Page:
Boeing is facing a fresh and growing crisis after Australian airline Qantas found cracks in a 737 Next Generation plane, adding to a growing number of airlines reporting such issues and grounding some of the planes as a result.
Qantas said on Thursday that it found cracks in part of one of its 737NG planes, and said it would repair the plane and inspect 33 other planes this week.
The airline said that it did not see an immediate safety risk, and that it would "never operate an aircraft unless it was completely safe to do so," the BBC reported.
The discovery comes a month after Boeing discovered the cracking problem in the 737NG, prompting the US Federal Aviation Administration (FAA), to instruct airlines that fly the planes to inspect them. Thousands of 737NG planes are in service globally.
Those inspections were instructed for planes that had made more than 30,000 flights, while Qantas said its plane had made fewer than 27,000 flights, the BBC reported.
A source told Reuters that cracks were also found on another Qantas plane that has flown almost 27,500 times on Wednesday.
And another source also told Reuters that US carrier Southwest Airlines also found cracks in one of its planes that had flown around 28,500 times.
The plane grounded by Qantas adds to a growing list of 737NG planes grounded by airlines. Korean Air grounded nine of the planes on Friday after cracks were discovered, and news agency Agence France-Presse reported that up to 50 737NG planes have now been grounded around the world.
The cracks are on an area of the plane called the pickle fork, which connects the plane body, wing structure, and landing gear.
Qantas said that detailed analysis by Boeing shows that even when a crack is present, it does not immediately compromise the safety of the aircraft, as indicated by the timeframe given by regulators to perform the checks," Australia's ABC News reported.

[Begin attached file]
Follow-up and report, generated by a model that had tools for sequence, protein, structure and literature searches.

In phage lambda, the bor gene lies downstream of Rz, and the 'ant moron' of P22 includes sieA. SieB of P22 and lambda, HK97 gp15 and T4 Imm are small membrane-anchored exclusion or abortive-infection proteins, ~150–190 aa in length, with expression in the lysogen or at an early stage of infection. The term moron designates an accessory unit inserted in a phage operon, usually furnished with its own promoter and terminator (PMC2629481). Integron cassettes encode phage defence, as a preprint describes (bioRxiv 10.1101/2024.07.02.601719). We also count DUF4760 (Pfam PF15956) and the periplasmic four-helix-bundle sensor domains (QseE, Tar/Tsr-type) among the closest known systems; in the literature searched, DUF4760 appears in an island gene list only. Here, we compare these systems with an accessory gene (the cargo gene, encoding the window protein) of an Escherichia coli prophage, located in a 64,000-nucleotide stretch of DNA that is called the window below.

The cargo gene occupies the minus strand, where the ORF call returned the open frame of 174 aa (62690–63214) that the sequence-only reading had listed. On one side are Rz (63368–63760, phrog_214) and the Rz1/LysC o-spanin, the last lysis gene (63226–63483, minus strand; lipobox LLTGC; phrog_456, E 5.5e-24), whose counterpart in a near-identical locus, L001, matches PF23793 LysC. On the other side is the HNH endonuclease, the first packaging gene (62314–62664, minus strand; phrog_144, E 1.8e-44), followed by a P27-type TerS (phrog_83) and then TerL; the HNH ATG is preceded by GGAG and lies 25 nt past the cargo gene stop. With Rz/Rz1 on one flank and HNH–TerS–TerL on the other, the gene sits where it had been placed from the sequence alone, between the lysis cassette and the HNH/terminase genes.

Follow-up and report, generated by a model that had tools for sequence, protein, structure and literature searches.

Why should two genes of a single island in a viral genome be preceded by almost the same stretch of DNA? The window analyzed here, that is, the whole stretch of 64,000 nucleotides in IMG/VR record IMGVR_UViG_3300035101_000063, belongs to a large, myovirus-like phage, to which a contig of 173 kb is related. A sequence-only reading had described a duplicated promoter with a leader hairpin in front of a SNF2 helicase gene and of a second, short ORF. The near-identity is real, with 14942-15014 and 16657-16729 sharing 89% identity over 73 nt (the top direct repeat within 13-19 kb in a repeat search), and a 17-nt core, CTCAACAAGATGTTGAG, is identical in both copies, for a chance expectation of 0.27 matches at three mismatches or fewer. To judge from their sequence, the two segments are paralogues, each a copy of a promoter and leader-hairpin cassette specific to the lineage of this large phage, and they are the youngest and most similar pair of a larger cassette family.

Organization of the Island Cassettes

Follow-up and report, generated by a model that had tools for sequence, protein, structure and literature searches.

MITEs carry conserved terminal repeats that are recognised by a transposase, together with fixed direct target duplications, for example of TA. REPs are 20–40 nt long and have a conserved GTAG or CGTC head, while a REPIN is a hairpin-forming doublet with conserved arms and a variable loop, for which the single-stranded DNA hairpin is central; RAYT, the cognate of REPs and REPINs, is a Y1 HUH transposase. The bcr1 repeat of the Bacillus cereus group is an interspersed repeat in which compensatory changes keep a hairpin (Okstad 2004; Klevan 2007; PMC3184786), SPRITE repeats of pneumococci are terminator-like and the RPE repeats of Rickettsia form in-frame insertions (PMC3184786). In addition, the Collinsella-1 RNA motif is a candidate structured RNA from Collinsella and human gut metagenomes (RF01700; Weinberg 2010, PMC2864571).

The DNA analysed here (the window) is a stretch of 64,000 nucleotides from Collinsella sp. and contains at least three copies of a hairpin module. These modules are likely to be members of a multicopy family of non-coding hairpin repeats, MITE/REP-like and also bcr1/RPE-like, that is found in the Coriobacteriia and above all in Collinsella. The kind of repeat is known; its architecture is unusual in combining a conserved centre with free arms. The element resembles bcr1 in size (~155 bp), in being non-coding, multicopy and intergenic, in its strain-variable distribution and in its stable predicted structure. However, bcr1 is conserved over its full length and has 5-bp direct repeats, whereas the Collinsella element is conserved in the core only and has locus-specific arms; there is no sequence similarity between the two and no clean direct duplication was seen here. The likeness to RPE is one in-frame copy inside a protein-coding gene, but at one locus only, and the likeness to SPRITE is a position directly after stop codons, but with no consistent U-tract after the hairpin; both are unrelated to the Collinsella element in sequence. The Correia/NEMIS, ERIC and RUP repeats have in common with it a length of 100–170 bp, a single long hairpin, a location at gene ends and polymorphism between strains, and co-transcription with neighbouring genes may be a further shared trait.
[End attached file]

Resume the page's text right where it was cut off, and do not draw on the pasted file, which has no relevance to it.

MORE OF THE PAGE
But Australia's aircraft engineers association called on the airline to ground all of its 737NG planes.
Its secretary said on Thursday that the crack "was about an inch long, it's very small. But these things do propagate very quickly when they're under load … It's when that grows, and that grows very quickly, that you have problems," The Guardian reported.
The new problem is distinct from Boeing's ongoing crisis over its 737 Max planes, which killed 346 people in two separate crashes in October 2018 and March 2019, and have been grounded around the world since.
Boeing's CEO Dennis Muilenburg testified before Congress about the issue on Wednesday, where he was accused by lawmakers of "pushing profits over quality and safety." Muilenburg directly apologized to victims' families, and said the company "made some mistakes" in the plane's design.
Boeing has lost billions and airlines around the world are demanding compensation as they cancel flights, reduce routes, have new deliveries stalled, and pay to maintain the planes that were delivered, which they will not be able to fly until Boeing's updates are approved by regulators.